Projects take more than managers, they need leaders. Leading is a special set of skills that one needs to hone and develop. We have numerous white papers on the topic. One, Transforming Project Managers Into Project Leaders talks specifically about what a PM must do to become a leader.

Recently Michiko Diby (@ProjectRecovery) and I were sharing mutual frustration about the emphasis on process and the lack of the people component. Without the people component, there is no leadership. The conversation was predicated on her post on the eighteen leadership principles Colin Powell.

I start thinking about the gentleman in the meeting and how he had to classify his experience into the five process groups. (I have enumerated them to the right, straight from the PMP® application form.) There are few things were missing:

  1. Team building;
  2. Paying attention to the needs of the team;
  3. One-on-one meetings with team members;
  4. Conflict Resolution;
  5. Mediating solutions between the customer and project team;
  6. Clearing the road blocks;
  7. Project feedback into the organization to apply corrective actions to problem's root causes;
  8. Ownership and resolution of issues;
  9. Questioning the organization;
  10. Accountable for the team's actions;
  11. Stepping in to break a stalemate in a debate;
  12. Absorbing the ambiguity in the project;
  13. Being objective;
  14. Addressing problems with concise clear decisions;
  15. Stopping finger pointing;
  16. Fostering a cooperative working environment between projects.

This list can go on.

The rebuttal comes that leadership is encompassed in the bullet "Improve team performance by building team cohesiveness, leading, mentoring, training, and motivating in order to facilitate cooperation, ensure project efficiency and boost morale." Very wrong. First, this statement assumes a team, the leader needs to build the team. Second, leadership starts early—before initiation and lasts all the way to the end of the project. It help to simply move this into the Monitoring and Controlling process group.

Michiko, by the way, has a great set of articles on leadership focusing on the leadership principles of Colin Powell. My favorite is her November 4 blog. However, her initial article enumerates Colin Powell's eighteen points and include a great PowerPoint® covering those points.

Getting Back To The Point

Any good project manager actually spends more of their time on any project trying to achieve those bullets above, without them the processes fail. Where is the impetus for a group of people to follow some process from some dude (or dudess) with a bunch of spreadsheets? I will state what I have said before, a project does not fail because the earned value analysis was not done right; it is only a process that fails. These mundane functions of earned value analysis, change request processing and action items logs should be left to administrators. The project manager should questioning the need for the process and ensuring it brings value to the customer. Forming and leading the team is too important.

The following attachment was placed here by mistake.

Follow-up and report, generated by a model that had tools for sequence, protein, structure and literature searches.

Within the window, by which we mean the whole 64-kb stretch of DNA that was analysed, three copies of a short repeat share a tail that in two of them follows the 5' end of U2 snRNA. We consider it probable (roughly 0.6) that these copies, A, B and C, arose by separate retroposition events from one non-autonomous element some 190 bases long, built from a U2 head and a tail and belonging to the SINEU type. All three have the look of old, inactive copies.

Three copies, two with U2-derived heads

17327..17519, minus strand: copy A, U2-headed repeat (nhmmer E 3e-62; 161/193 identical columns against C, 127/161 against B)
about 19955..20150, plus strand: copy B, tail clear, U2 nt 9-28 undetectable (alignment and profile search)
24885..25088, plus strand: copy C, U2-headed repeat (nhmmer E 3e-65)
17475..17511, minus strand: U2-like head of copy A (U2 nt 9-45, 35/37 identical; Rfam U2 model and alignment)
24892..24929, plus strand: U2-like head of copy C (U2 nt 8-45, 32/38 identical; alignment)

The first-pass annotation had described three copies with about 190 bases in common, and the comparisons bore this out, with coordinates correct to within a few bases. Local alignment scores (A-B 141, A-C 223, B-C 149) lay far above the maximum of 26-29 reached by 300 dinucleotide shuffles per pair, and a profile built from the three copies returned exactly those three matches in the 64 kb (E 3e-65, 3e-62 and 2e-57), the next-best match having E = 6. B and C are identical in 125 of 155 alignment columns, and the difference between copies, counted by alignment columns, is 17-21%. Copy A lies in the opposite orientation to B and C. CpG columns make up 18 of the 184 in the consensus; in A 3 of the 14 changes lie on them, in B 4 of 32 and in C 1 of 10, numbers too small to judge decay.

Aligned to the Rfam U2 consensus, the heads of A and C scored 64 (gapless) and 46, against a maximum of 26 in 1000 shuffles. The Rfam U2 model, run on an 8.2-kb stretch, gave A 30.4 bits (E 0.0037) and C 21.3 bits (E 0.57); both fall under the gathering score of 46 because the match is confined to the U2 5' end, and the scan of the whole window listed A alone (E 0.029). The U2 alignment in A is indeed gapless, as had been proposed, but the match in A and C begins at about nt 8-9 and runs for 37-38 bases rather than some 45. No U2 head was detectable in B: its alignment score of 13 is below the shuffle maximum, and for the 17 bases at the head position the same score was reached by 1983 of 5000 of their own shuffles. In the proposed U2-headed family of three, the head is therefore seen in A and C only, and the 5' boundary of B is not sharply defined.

There Is Hope...

To PMI's defense, version 4 of the PMBOK® does have more soft-skills content, including a five page appendix on interpersonal skills. This is simply too little. Processes are needed but they are truly the lesser of the ingredients in the project management pie. Processes are easy. Leadership is hard.

PMI would be doing business a great benefit if they would invest energy in leadership and defocusing on process for their certification. Project managers and their stakeholders need to get out of their chairs, quit entering tick marks in the spreadsheet check off lists and lead. They need to get up, turn around and look outside their cubicle at the people and the project, talk to them, listen to them, compare notes and understand why they are not coming to you with their problems. Otherwise, in Colin Powell's terms, the team will lose "confidence that you can help them or conclude that you do not care."

Don't Be A Project Manager, Be A Project Leader

As for the guy in the meeting? I gave him some pointers in private; he looked at me and asked why he got his certification. I tried again, making no progress. Later, I emailed him links to some good articles (including @UnlikeBefore's blog post) and suggested a couple books. Maybe he will figure it out before too long.

Lastly, I need to say Happy Birthday to Mom. She would have been 91. May she rest in peace.